The world is broken. We feel it every day—in ourselves, at work, in relationships, and throughout our communities. Expansive media coverage illuminates evils like violence, poverty, drug abuse, human trafficking, lack of clean water, and squandered human potential. We are tempted to avert our eyes, throw up our hands, and numb ourselves with trivial distractions.


For you who refuse to look away, you likely are considering the following important questions:
    • How can I invest my limited time and resources to make a difference?
     • Are there solutions that get to the roots of these problems and aren’t just another band-aid?
     • Is there a way for me to help bring lasting change to the hardest places, especially when they are often so far away?

Extreme Poverty Is Again on the Rise.

For almost 25 years, the number of people living in extreme poverty—on less than $1.90 per person per day—declined steadily. 1) Before the COVID-19 pandemic, economists estimated that 657 million people would live below the $1.90 extreme poverty line in2020.(2) This has risen to a projection of 711 million, with the majority living in sub-Saharan Africa.(3) COVID-19 is causing an enormous spike in unemployment throughout emerging market economies.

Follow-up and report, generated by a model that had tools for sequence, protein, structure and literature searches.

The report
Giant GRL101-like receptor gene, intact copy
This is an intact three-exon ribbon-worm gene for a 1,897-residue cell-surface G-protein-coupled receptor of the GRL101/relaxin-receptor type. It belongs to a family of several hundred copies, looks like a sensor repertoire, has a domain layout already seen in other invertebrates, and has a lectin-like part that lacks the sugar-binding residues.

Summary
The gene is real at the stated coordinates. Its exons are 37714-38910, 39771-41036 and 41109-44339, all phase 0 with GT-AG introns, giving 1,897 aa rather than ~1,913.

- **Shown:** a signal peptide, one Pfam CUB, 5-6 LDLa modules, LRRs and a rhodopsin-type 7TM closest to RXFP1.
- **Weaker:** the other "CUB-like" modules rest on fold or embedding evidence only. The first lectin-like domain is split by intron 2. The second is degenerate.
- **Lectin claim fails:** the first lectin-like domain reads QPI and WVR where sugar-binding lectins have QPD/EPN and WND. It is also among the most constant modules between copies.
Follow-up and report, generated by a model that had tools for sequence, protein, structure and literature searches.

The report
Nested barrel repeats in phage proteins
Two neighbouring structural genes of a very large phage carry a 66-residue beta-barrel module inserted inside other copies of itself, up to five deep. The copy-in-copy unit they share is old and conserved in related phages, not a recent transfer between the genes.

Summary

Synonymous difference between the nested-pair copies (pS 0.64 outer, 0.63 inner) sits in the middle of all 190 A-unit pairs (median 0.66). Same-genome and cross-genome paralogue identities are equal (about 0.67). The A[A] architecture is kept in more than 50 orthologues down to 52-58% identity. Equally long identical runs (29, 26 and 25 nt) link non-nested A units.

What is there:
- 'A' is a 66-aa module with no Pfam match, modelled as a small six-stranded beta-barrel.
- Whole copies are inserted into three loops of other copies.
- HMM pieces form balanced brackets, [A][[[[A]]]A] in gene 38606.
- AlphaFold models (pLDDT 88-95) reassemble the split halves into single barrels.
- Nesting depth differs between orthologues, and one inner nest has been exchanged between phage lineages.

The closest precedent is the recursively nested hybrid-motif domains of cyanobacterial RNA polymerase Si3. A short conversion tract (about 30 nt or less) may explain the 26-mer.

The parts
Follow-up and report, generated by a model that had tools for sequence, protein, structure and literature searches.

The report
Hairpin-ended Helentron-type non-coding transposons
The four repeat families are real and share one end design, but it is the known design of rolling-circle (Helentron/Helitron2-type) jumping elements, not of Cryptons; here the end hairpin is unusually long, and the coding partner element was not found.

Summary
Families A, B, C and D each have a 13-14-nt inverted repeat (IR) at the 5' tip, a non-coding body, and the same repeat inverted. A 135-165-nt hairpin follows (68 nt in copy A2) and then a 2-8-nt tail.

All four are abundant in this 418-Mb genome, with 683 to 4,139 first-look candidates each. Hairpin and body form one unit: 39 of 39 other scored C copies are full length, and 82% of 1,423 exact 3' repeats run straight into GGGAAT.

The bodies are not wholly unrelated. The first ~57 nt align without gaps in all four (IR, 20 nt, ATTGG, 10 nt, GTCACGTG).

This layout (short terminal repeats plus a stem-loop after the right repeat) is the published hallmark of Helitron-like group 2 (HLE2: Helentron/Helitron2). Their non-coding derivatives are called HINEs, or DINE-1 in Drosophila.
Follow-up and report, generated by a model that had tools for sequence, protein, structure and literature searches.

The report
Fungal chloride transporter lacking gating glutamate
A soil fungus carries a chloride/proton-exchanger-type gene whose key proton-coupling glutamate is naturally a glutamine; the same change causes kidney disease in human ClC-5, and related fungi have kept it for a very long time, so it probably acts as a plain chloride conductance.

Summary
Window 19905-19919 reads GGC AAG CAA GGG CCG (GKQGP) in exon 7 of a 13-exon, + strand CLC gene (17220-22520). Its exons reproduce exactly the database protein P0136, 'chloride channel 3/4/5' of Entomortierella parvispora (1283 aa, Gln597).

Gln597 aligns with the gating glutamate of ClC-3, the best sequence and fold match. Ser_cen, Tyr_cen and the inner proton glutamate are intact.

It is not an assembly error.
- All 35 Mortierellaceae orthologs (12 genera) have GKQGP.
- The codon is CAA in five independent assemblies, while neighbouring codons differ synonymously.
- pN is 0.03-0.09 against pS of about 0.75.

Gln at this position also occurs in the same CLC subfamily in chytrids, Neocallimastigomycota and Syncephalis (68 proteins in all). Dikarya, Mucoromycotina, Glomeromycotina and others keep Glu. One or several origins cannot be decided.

Youth Unemployment Is a Major Risk.

Nineteen of the 20 countries with the youngest populations are in Africa.(4) The average age in Uganda is 15.7, and in Burundi, it is 17.0.(5) Over the next decade, the World Bank estimates that over one billion young people will try to enter the job market, but less than half of them will find formal jobs. As our world continues to urbanize, and as populations in emerging market nations swell, we can either meet these employment needs and foster new levels of flourishing or witness the consequences of destabilized economies and the potential for riots and revolutions.

Corruption Persists and Disproportionately Affects the Poor.

Corruption is a major factor in material poverty. It erodes economic growth and places an extra burden on the poor as they pay bribes to navigate daily life. The World Economic Forum estimates that corruption costs the global economy 5% of GDP per year, equivalent to $3.6 trillion.(6) Sadly, in many countries in the Global South where a majority of the population identifies with Christianity, corruption is the norm. For instance, in Kenya, 85% of the population identifies as Christian, while the nation ranks 124th out of 180 countries in Transparency International’s Corruption Perceptions Index.(7) Corruption stands in blatant opposition to the teachings of Christ and hinders the mission of the Church.

The Global Church Is Struggling to Impact Culture.

How is the Church doing in spreading the gospel globally? The data is sobering. In the past century, the total number of Christians has tripled, but we’ve been stuck at 33% of the global population with no signs of growth.(8) We’re treading water. We need new ways to reach people for Christ and influence culture. A life in Christ transforms our spiritual identity, but perhaps just as importantly, it transforms our relationships with our neighbors and our understanding of how all aspects of our lives—spiritual, social, and physical—are important to God.